Monday, February 22, 2010

American Workers Owe the Labor Movement

American Workers Owe the Labor Movement
By Gary L. Flowers
Executive Director & CEO
Black Leadership Forum, Inc.
February 21 – 28, 2009

Americans today are indebted to the labor movement of the United States of America. The American labor movement has transformed work life for all people—whether union members or not. How much money workers make; how many hours are worked; under what conditions; and whether collective bargaining is a part of the process is directly attributable to the struggle for workers’ rights. In particular, if not for the American labor movement, there would be no 8-hour workday; no weekend; no protections against child labor, and no protections against unsafe working conditions.

Prior to the modern American labor movement in the United States workers—both Black and White—were exploited for their labor. Whether the enslavement of Africans or exploitation of European workers the nation’s economy has rested on the backs of working people.

There are several meaningful events that impacted the effectiveness of American workers against management. In 1676, an Englishman named Nathaniel Bacon was upset with Virginia Governor Berkeley who denied Bacon a commission. Bacon organized African and European servants in Surry, Virginia to protest the power of the Governor and it became known as Bacon’s Rebellion. The union of Black and White workers sped up the institution of racial slavery in America.

In 1677, the state of New York prosecuted striking workers for the first time within the colonies. In 1773, Boston dockworkers rebelled against unfair taxes imposed by the British government while throwing tea into the Boston Harbor. The event became known as the Boston Tea Party (a far cry from today’s right-wing Tea Party.) In 1786, printers in Philadelphia organized against low wages. Five years late in 1791 Philadelphia carpenters successfully organized against the 10-hour workday.

However, two events in labor history became precedent-setting legal cases that would shape labor relations today. On May 1, 1866, 340,000 workers (65,000 in Chicago) protested across the United States for an 8-hour workday. On May 3, police killed 4 protestors. And a day later, 3,000 workers gathered in Chicago’s Haymarket Square where a deadly riot issued. The result was a giant step towards the 8-hour workday for all Americans now enjoy as a law.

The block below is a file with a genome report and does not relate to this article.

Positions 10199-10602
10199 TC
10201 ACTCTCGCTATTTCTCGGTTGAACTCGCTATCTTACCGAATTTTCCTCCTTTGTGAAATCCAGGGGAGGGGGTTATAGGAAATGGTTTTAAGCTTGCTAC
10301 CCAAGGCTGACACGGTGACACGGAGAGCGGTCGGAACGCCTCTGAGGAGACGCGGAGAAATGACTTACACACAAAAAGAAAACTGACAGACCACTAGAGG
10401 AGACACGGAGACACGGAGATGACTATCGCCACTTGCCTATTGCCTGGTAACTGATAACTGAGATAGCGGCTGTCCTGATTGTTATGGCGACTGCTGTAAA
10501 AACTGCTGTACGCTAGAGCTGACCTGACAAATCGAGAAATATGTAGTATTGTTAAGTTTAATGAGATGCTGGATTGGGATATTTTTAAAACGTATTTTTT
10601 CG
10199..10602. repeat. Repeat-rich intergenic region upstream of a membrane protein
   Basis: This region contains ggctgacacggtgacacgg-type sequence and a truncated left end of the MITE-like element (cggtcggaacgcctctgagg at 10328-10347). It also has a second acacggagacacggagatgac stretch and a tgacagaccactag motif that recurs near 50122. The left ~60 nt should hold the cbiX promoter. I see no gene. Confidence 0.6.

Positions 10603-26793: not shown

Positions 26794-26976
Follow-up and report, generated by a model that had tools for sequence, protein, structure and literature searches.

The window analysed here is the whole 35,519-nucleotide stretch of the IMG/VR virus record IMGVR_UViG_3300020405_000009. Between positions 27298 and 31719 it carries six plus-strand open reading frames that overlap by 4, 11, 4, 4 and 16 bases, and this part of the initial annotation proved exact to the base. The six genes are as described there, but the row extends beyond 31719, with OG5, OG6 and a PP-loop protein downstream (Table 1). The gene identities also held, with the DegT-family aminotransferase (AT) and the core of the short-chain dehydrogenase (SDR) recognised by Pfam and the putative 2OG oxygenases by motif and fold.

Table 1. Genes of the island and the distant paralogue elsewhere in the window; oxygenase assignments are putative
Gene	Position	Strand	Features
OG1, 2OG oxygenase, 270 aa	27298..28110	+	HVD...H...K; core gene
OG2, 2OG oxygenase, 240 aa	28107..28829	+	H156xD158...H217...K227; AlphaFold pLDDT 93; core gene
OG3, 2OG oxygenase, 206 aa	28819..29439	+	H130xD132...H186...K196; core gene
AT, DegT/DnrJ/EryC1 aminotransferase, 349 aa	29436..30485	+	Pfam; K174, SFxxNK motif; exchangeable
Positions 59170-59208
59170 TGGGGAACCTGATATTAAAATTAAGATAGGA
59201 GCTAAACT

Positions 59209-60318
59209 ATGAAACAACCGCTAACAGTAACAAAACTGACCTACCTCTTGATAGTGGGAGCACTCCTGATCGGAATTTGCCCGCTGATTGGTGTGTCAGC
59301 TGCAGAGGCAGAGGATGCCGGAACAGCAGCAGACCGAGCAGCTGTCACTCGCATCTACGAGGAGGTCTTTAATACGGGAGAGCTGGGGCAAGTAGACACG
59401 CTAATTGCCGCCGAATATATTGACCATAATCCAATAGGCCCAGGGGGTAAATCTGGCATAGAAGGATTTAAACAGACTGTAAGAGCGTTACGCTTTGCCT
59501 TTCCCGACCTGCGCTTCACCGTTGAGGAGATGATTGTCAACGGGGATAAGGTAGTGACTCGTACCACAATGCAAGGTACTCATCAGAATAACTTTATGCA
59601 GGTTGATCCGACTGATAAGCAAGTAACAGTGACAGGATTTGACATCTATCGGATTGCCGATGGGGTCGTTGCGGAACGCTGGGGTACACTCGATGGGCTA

In 1873, independent meat butchers in New Orleans, LA regularly dumped their discarded meat into the rivers and bayous surrounding New Orleans. The state responded with sanitation statutes outlawing the dumping by using the newly constituted 14th Amendment to the United States Constitution. Since its ratification in 1868, the 14th Amendment, enacted to protect the due process of former African American slaves, had not been challenged by a direct claim. In the Slaughter-House cases not only were workers ruled against, but the Equal Protection Clause of the 14th fell into disuse until the 1950’s when challenged and upheld in the Brown v. Board case.

There has been little major legislation to benefit workers since the anti-union Taft-Hartley Act of 1947. Accordingly, workers in unions have decreased. In the 1950’s, 55% of American workers were in a private union. Today, the percentage of privately unionized workers is 7%, due to manufacturing jobs being exported to cheaper labor markets abroad. However, 39% of public workers belong to a union.

The legislative answer may be the Employee Free Choice Act. The proposed legislation would allow American workers to unionize by a majority of workers without a secret ballot election. The bill would force outside mediation if an agreement between workers and management were not reached in several months.

As the Obama Administration and Congress consider a Jobs Bill one major stumbling block for the economy and workers is the increase of temporary and transient jobs that are difficult to organize.

America’s economy was built on free and exploited labor. Congress must now pass the Employees Free Choice Act to protect the American labor tradition of organized workers.

Gary L. Flowers
Executive Director & CEO
Black Leadership Forum, Inc.
633 Pennsylvania Ave
5th Floor
Washington, DC 20004
Office: 202.689.1965
Fax: 202.689.1954
Cell: 773.230.3554

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